Jacqueline Sanchez has implemented several of these steps. Real estate investor and co-owner Invested Wallet, a privately held financial network, bought her home in Omaha, Nebraska, for $ 209,000 in 2015 – and its value has continued since then. “According to Zillow, my house was $ 306,000,” she said. “With rising prices, I have reinvested to get rid of mortgage insurance and reduced the debt period by five years.”
Buy an investment property
Becoming an owner is a great way to earn indirect income. If you have built equity in your primary home, you can turn to part of buying a rental property.
Tawnya Redding bought her first home in a suburb of Portland, Oregon, in 2015. “I worked hard to repay my mortgage before the schedule,” the private finance blogger says. “That, coupled with the sharp increase in housing prices in the area, sits at more than $ 250,000 in equity.” Redding plans to issue a home equity loan, or HELOC, when the time is right. “My plan is to continue saving, building equity and preparing for when and if the market goes down or overturns,” she said.
Pay for college
The college is already expensive, and the cost of a four-year degree is expected to cost around $ 200,000 by 2036, according to Vanguard. You can use the growing equity at home to help cover future tuition costs.
That is Alexander Lowry’s plan. “We bought our house in Hamilton, Massachusetts, when I moved into the area to study,” says a Gordon College professor and father of two. “We tied it up in February 2018 to $ 560,000. Our house is currently valued at over $ 700,000. I see the price increase as an opportunity to pay for college.”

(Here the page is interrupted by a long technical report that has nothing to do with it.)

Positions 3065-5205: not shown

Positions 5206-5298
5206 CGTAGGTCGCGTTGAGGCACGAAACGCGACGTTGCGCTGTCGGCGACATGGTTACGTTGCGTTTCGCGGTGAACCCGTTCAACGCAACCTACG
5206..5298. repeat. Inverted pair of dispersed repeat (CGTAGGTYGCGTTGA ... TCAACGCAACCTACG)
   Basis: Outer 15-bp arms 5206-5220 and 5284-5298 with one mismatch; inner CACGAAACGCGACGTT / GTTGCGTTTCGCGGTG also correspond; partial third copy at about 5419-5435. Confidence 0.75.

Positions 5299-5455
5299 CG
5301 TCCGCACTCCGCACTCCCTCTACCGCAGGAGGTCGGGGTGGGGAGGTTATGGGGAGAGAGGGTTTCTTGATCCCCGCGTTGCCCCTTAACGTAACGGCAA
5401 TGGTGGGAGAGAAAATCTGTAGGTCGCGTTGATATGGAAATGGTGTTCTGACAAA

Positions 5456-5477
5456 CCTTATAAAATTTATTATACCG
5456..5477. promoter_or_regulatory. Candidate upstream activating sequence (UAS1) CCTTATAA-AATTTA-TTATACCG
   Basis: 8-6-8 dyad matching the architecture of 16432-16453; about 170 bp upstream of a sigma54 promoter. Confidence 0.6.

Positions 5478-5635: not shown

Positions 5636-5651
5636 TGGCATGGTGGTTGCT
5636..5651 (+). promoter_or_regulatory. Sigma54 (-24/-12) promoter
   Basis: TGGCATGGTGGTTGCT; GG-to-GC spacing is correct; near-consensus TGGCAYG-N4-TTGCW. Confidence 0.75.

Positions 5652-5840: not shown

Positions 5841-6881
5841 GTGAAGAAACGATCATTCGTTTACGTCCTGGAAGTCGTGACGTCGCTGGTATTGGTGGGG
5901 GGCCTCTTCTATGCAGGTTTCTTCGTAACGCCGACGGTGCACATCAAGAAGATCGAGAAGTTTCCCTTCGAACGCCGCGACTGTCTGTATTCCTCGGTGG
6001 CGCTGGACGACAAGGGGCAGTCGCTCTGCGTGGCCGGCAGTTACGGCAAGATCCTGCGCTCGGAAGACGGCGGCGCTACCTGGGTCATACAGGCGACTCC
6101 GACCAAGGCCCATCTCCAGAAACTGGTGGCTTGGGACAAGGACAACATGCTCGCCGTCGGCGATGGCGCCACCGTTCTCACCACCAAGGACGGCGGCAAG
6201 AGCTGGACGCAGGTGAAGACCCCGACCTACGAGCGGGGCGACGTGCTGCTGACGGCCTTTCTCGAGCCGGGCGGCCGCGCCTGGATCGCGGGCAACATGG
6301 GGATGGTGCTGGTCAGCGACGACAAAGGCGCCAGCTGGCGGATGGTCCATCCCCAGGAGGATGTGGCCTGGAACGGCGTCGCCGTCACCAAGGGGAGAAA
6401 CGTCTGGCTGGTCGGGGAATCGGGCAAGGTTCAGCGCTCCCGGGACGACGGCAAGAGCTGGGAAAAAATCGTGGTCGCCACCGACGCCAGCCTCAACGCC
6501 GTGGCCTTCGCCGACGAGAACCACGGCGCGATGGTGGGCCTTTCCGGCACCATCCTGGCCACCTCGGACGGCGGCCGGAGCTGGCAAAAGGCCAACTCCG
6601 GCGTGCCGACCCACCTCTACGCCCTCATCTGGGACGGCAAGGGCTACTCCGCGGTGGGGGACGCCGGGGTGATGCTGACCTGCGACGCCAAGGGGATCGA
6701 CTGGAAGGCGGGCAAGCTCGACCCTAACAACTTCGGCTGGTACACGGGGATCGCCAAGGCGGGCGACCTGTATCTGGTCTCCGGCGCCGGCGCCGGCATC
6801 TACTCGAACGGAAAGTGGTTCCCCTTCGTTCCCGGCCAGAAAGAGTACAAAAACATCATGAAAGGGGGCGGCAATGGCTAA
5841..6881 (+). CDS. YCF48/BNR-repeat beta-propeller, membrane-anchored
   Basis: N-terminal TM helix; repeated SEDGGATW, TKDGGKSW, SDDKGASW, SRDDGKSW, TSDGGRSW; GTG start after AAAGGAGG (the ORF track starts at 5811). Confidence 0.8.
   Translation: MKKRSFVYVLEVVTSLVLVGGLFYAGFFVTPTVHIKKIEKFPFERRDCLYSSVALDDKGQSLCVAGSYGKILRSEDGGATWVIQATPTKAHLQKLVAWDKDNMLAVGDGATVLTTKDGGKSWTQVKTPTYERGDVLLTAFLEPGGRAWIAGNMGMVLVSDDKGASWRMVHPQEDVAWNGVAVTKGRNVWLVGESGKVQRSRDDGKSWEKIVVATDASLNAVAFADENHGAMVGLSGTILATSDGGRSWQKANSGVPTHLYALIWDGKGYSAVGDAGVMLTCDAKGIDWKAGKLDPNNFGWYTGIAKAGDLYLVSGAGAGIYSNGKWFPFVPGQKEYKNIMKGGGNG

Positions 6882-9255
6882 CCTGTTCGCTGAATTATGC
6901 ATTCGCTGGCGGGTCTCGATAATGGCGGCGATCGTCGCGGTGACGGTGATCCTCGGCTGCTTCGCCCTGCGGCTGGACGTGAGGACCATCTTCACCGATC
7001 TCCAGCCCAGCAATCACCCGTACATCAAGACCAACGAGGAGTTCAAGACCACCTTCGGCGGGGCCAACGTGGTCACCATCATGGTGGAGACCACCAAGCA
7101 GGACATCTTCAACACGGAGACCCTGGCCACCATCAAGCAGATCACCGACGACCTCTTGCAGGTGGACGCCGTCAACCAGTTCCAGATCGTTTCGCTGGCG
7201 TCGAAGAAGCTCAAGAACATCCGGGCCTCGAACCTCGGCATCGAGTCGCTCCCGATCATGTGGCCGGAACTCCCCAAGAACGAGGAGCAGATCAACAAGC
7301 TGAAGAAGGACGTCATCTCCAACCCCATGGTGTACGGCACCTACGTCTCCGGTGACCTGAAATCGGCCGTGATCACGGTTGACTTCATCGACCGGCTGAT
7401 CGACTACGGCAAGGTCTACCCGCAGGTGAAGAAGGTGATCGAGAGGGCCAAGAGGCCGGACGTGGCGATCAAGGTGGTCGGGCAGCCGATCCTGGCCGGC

Lowry children are now toddlers. But he plans to sell the house when they are near college age. But that is one way when it comes to the use of equity paid for education – you can also use a cash rebate or HELOC. You can deposit your taxable income into a 529 college savings plan or Roth IRA.
Sell your home and move
The best way to earn cash for your equity is to sell your home and put the proceeds into a new home discount. According to the National Association of Realtors, 6.5 million Americans sold their assets last year – the highest number since 2006. When you sell, however, you will need a new place to live, which can lead to a big challenge. As we mentioned in our friendly article that outlines ways to take advantage of home equity, prices are high everywhere, competition is fierce and it is becoming increasingly difficult to get a home arbitration opportunity.
But it is not possible. Perry Knight and his family sold their home in Tulsa, Oklahoma, last year for 35% more than they paid in early 2017. Bicycle enthusiast and blogger say the financial storm has provided a great opportunity for them to move to Fort Lauderdale, Florida, for the family. near. “The market price was a surprise to us,” Knight said. “I didn’t think about selling until we found out we were in a very good place. We had all the motives to raise our family in Oklahoma at that time.” The Knights paid cash for their Florida home and were able to live close to their relatives. They also managed to save $ 10,000 after completing the transfer.